Measuring Average Power of Pulsed Lasers with Photodiodes

When measuring average power using a photodiode detector such as PD300 or IS6-D-VIS, the maximum power or saturation power is determined by the maximal photocurrent that the photodiode can generate while still maintaining linearity. The saturation power is typically 3mW for a bare silicon photodiode. Adding attenuation in the form of a filter or through the use of an integrating sphere will naturally increase the saturation power of the sensor as a whole.


Efi Rotem, Mark Ivker

Recent development in VCSELs for applications in remote sensing, require measurement of average power during pulsed operation. When measuring average power of pulsed lasers, another mechanism may also affect the linearity of the photodiode. In this article we review this mechanism.

What is Saturation?

Efi Rotem, Mark Ivker

Saturation is a decrease in sensitivity (current per unit power) when the incident power exceeds a certain limit.

Photodiode Saturation in CW

When the photodiode is illuminated with CW laser radiation, there is a steady rate of carrier generation (electrons and holes). The electric field that exists inside the photodiode causes the electrons and holes to drift in separate directions towards the anode and cathode, giving rise to the photocurrent which is measured by the display unit. A small percentage of these carriers recombine before they leave the photodiode and thus do not contribute to the measured photocurrent. When the photocurrent reaches about 1mA, the voltage on the load resistance of the display unit starts to rival the potential between the separated photo-generated charges. The photodiode’s internal potential is insufficient to push additional current through the circuit and the photodiode response becomes saturated. The maximum power specifications of our photodiode sensors are derived from this consideration.

Photodiode Saturation Due to Short Laser Pulses

When measuring average power of laser pulses, the measurement will be accurate if effectively all of the photogenerated charge exits the photodiode and contributes to the measurable current without undergoing recombination in the device. The discharge time of the photodiode is more relevant than the actual laser pulse width, which is often much shorter. Saturation occurs when the photo-generated charge density approaches a certain device-specific value and begins to increase the recombination rate. The laser pulse energy at which saturation occurs depends mostly on the response time of the photodiode, as it dictates how fast the charge carriers can leave the photodiode before they recombine with each other. Another important factor is bias voltage. A negative bias voltage applied to the photodiode will increase the effective potential of the separated photo-generated charges and cause the charge carriers to exit the photodiode faster. This increases both the photodiode response time and saturation pulse energy.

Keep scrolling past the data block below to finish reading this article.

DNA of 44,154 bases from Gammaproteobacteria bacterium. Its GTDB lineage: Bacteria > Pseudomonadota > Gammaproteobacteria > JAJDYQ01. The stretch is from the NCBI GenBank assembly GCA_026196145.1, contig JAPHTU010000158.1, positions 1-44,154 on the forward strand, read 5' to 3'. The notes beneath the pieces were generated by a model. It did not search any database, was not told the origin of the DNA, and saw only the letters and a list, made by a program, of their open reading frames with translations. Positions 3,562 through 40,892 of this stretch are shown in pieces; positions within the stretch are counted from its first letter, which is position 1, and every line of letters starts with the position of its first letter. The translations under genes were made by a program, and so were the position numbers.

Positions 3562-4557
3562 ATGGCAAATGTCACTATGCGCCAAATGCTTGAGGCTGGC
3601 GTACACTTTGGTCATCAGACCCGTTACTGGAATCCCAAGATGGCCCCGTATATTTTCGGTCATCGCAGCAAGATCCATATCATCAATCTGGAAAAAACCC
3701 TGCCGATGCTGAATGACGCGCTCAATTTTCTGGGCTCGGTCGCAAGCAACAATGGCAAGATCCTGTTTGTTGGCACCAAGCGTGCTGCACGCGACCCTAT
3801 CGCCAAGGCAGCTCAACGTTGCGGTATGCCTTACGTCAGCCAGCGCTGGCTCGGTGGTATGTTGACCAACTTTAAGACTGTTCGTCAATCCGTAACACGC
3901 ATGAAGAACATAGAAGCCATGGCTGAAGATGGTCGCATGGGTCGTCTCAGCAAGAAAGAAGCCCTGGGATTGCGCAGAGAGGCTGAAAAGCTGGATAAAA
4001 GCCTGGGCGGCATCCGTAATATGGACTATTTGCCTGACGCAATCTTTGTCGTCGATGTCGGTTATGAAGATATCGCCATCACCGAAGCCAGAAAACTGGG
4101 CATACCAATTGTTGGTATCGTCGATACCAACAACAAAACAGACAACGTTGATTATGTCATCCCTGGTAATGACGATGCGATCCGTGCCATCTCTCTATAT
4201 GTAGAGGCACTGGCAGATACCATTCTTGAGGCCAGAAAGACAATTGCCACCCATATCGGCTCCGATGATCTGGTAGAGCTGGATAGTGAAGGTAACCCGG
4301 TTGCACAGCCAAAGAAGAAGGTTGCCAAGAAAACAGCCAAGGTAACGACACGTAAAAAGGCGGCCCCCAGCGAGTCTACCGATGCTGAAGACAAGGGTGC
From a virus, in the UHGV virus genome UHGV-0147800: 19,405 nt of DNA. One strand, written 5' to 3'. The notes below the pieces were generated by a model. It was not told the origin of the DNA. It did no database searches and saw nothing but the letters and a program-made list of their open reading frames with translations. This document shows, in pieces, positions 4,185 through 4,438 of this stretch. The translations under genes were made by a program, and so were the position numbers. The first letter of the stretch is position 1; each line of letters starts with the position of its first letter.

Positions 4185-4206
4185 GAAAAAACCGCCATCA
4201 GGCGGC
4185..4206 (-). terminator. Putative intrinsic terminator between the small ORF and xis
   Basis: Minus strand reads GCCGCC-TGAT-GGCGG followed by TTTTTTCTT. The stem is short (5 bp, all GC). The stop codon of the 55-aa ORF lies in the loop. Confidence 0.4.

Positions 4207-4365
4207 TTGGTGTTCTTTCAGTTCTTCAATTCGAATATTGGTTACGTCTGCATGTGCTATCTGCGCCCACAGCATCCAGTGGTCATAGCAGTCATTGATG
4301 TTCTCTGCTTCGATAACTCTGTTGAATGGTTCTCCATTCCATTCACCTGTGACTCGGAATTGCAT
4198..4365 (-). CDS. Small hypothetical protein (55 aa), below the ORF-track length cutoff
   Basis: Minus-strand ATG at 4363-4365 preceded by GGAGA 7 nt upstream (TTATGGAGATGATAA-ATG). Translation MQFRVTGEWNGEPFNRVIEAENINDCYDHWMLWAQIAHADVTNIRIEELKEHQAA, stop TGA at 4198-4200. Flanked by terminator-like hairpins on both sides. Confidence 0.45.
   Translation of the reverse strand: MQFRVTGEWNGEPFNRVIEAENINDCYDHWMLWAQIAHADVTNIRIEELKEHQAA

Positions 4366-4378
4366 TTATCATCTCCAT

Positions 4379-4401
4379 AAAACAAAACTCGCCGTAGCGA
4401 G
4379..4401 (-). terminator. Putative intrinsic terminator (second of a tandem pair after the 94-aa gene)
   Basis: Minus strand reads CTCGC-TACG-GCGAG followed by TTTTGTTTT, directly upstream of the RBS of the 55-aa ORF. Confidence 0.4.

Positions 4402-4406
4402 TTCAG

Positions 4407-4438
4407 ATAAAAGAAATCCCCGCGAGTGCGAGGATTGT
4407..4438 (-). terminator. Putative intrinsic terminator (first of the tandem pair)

Experiment Results

PD300-UV and PD300-IR were tested with Spectra Physics VGEN pulsed lasers at 1064 nm and 532 nm. The results are presented in the following table. For each pulse energy, we compared the readings with and without a fixed 50% filter. The criteria for saturation was a decrease of 2% in the measured power without the filter relative to the reading expected based on the measurement made with the filter.

For longer pulses in the μsec and msec range, the saturation behavior moves towards CW, where instantaneous power dictates saturation. For ultra-short pulses in the femtosecond range, other mechanisms may affect saturation.

Saturation energy for other photodiode sensors

By measuring the saturation pulse energy of the basic photodiodes, we are able to calculate the saturation pulse energy of all our other photodiode power meters by taking into consideration the different attenuations that exist in each sensor. For example, an IS6-D-VIS integrating sphere that measures up to 30 W, has an effective attenuation of 10,000 relative to a photodiode that measures up to 3 mW. It’s saturation pulse energy will therefore be 10,000 times higher.

While working with pulsed lasers, it is important to make sure that both that average power and the pulse energy do not exceed the maximum values.

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